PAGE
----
Students start web petition to restart program amid university hiring freeze
By Molly Hulligan and Ryan Breece, Head Copy Editor and Guest Writer
Group fitness classes at the Health United Building (HUB) were paused indefinitely in a new move made by administration at the beginning of the fall semester.
With this decision, 23 students lost their jobs as group fitness instructors.
Group fitness classes provided a space for students to attend specific fitness programs led by a student instructor who specialized in that exercise. Some classes offered include group cycling, zumba, pilates, yoga and more.
In light of the recent cuts, a petition was started by former group fitness instructor Elizabeth Salazar to bring group fitness classes back to recreational sports.
“We wanted to make sure that our voices and our fellow classmates’ voices were heard,” Salazar said.
So far, the petition has gained over 630 signatures.
“It’s comforting to see that there are a lot of students like me that feel confused or upset that the group fitness classes are no longer available. The next step is to try and talk with SGA (Student Government Association) to see what we can do for the future,” Salazar added.
Group fitness classes have been discontinued due to former Director of Group Fitness at Recreational Sports Mackenzie Mullins leaving the position in the Fall 2021.
However, confusion remains due to a lack of communication as to why the hiring process has been suspended indefinitely.
Hailey Johnson, a former cycle instructor for recreational sports, explained her understanding of why the group fitness program has been paused.
“We got an email saying that our program would be on pause indefinitely, so we weren’t really told that it was stopped per se… I thought we were still going to have classes, but closer to the beginning of this semester, I put two and two together. That’s how we found out,” Johnson said.
Former group fitness instructor Courtney Corrado, who taught a group cycling class at the HUB, expressed frustration about the loss.
“(On) June 21, we got an email saying that the rec center was unsure if they’d be able to resume the fitness program. Then we got an email on July 26 saying our fitness program has been paused,” she added.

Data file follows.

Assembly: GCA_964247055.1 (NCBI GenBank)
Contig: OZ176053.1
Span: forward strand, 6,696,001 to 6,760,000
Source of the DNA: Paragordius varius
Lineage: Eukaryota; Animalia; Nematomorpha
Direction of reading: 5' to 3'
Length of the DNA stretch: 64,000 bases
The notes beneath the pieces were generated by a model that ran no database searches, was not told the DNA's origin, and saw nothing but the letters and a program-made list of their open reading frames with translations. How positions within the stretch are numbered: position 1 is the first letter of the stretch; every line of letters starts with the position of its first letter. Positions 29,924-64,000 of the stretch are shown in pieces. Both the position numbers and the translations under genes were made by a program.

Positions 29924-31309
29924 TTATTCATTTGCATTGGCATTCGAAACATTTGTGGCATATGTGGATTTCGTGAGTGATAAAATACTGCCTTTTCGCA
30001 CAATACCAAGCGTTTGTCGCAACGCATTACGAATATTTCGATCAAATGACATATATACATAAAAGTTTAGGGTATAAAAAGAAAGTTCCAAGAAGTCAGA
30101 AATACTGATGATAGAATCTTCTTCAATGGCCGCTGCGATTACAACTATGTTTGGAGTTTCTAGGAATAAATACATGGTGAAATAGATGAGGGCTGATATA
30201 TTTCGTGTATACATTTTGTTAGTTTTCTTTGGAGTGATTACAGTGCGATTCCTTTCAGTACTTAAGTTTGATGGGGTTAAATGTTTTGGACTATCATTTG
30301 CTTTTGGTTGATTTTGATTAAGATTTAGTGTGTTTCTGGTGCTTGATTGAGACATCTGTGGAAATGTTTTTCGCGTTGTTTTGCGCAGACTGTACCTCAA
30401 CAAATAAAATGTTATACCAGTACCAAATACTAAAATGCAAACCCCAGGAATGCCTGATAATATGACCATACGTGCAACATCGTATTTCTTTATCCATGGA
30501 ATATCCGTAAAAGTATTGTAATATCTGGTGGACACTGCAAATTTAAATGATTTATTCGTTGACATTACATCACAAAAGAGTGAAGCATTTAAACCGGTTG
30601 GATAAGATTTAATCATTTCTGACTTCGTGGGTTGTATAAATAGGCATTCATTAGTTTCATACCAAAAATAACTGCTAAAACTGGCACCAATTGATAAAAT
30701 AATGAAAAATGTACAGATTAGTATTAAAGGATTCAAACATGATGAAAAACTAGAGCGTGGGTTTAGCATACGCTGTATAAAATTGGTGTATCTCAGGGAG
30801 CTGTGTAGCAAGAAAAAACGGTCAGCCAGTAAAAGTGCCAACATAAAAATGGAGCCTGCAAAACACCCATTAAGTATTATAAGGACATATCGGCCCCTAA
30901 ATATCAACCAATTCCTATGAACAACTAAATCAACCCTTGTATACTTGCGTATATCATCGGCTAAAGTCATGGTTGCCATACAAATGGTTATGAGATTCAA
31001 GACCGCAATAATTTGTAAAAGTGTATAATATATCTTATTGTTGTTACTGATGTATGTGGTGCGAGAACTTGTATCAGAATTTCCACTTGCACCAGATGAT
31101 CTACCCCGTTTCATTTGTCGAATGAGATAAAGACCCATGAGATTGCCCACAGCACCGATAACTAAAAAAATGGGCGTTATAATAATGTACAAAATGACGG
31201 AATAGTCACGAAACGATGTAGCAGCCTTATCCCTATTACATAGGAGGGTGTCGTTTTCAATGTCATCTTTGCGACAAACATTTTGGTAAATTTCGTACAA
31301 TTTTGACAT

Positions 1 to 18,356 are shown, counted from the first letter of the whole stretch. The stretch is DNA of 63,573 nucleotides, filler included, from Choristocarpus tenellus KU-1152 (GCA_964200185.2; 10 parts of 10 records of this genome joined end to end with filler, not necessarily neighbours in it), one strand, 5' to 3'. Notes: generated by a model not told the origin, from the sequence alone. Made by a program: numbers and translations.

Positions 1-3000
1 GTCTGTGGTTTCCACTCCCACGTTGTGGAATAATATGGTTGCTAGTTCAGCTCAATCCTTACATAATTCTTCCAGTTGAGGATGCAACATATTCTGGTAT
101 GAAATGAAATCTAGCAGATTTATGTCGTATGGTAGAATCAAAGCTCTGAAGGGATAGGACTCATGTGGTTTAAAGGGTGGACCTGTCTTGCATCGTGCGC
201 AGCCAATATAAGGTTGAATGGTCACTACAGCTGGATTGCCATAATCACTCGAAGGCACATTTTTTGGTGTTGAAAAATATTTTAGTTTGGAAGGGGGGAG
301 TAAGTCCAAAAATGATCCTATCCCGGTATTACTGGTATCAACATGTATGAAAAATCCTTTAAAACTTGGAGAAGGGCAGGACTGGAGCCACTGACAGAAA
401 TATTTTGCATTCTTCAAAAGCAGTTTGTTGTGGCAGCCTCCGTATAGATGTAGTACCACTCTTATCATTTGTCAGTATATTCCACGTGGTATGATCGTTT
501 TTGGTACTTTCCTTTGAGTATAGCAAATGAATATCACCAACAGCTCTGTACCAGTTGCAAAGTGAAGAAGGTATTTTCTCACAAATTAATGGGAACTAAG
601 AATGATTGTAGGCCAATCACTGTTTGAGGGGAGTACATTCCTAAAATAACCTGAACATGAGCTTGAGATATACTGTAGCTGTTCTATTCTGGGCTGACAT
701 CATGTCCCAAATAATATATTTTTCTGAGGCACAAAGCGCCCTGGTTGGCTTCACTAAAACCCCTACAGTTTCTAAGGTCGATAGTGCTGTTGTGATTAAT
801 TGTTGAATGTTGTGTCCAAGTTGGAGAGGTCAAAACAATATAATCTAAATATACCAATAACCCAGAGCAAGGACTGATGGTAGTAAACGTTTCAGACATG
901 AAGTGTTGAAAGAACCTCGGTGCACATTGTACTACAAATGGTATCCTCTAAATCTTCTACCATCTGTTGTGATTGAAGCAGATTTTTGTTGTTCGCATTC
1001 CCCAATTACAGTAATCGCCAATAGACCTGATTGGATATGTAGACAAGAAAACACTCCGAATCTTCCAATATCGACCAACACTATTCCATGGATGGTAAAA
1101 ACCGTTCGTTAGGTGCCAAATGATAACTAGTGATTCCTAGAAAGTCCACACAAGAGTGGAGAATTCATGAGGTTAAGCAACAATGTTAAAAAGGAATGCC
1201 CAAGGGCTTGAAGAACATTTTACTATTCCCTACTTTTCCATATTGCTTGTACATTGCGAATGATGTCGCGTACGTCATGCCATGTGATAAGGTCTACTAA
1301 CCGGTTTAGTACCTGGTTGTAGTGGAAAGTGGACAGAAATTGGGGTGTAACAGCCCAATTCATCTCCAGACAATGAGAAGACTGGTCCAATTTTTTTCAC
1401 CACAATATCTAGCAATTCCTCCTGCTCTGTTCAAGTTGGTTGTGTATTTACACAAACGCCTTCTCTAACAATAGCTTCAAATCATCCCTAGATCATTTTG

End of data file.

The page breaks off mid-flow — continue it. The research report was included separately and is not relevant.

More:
Group fitness instructors go through extensive training to become certified to lead classes. Johnson spoke on the training process to earn her position.
“All of us are certified… I studied for about two or three months, then took a standardized exam to get my group fitness certification. To teach in the HUB, you teach a couple classes and then you audition in front of a few other group fitness instructors and (HUB employees),” Johnson said.
Without the income that an on-campus job provides, many instructors are left with financial questions of what to do next.
“I’m fortunate enough that I do have (another) on-campus job, working at admissions as a tour guide. I have been looking for another job. It was so convenient having (another) on-campus job. It fit really well with my schedule, but I’m not really sure what to do,” Johnson added.
Corrado echoed her sentiment, saying, “I have all this experience with cycling and instructing, and I can’t go anywhere (outside of Xavier) to instruct (due to schedule conflicts). So I have all this experience, and I’m instructor certified. People paid a lot of money for those certifications.”
“A lot of kids were promised (raises) if they got the certification (and) if they stayed around for a (second) year instructing,” Corrado continued.
Senior HUB facility manager Zayvion Eusebe shared how the group fitness cuts have affected HUB rec sports as a whole.
“It’s a huge gap that you’re missing, honestly. Although attendance may have been low for a period of time, I think group fitness was a very important part of Rec Sports in its entirety. It’s another avenue for students to meet new people, and just kind of get more incorporated with Rec Sports and the Xavier community as a whole,” Eusebe said. “So for the school to not even try to address why there was low attendance to begin with… and just immediately cut it was kind of disappointing.”
“I think it’s important to note that if students are willing to pay and go off campus and go to a gym, like a cycling studio, and pay money out of their own pocket, then there’s a need for these fitness classes on campus,” Eusebe added.
“We have students who want to be in these programs, and we have students who are willing to teach them. Maybe there was a disconnect in how we get the message to students… But you have (students) paying memberships to gyms off campus when we have a great facility here with a dedicated staff and all the resources they could have at their disposal. So there’s a… demand, so to speak, for this type of stuff, that isn’t being met,” he said.
Senior Matt Shannon, a weekly cycling class participant, reiterated the disappointment and expressed his appreciation for the community-building that the group classes supplied as well as the opportunity for a versatile workout routine.
Shannon still uses the spin bikes at the HUB, but says it is not the same as the group dynamic and class community that he feels group fitness built.
“Seeing the same people, you know them, and it kind of motivates you,” Shannon said.
“Word of mouth is going around through SGA, too, and I think they’ve been really supportive. So at the end of the day, it’s just about whether the university wants to continue this,” Corrado added.
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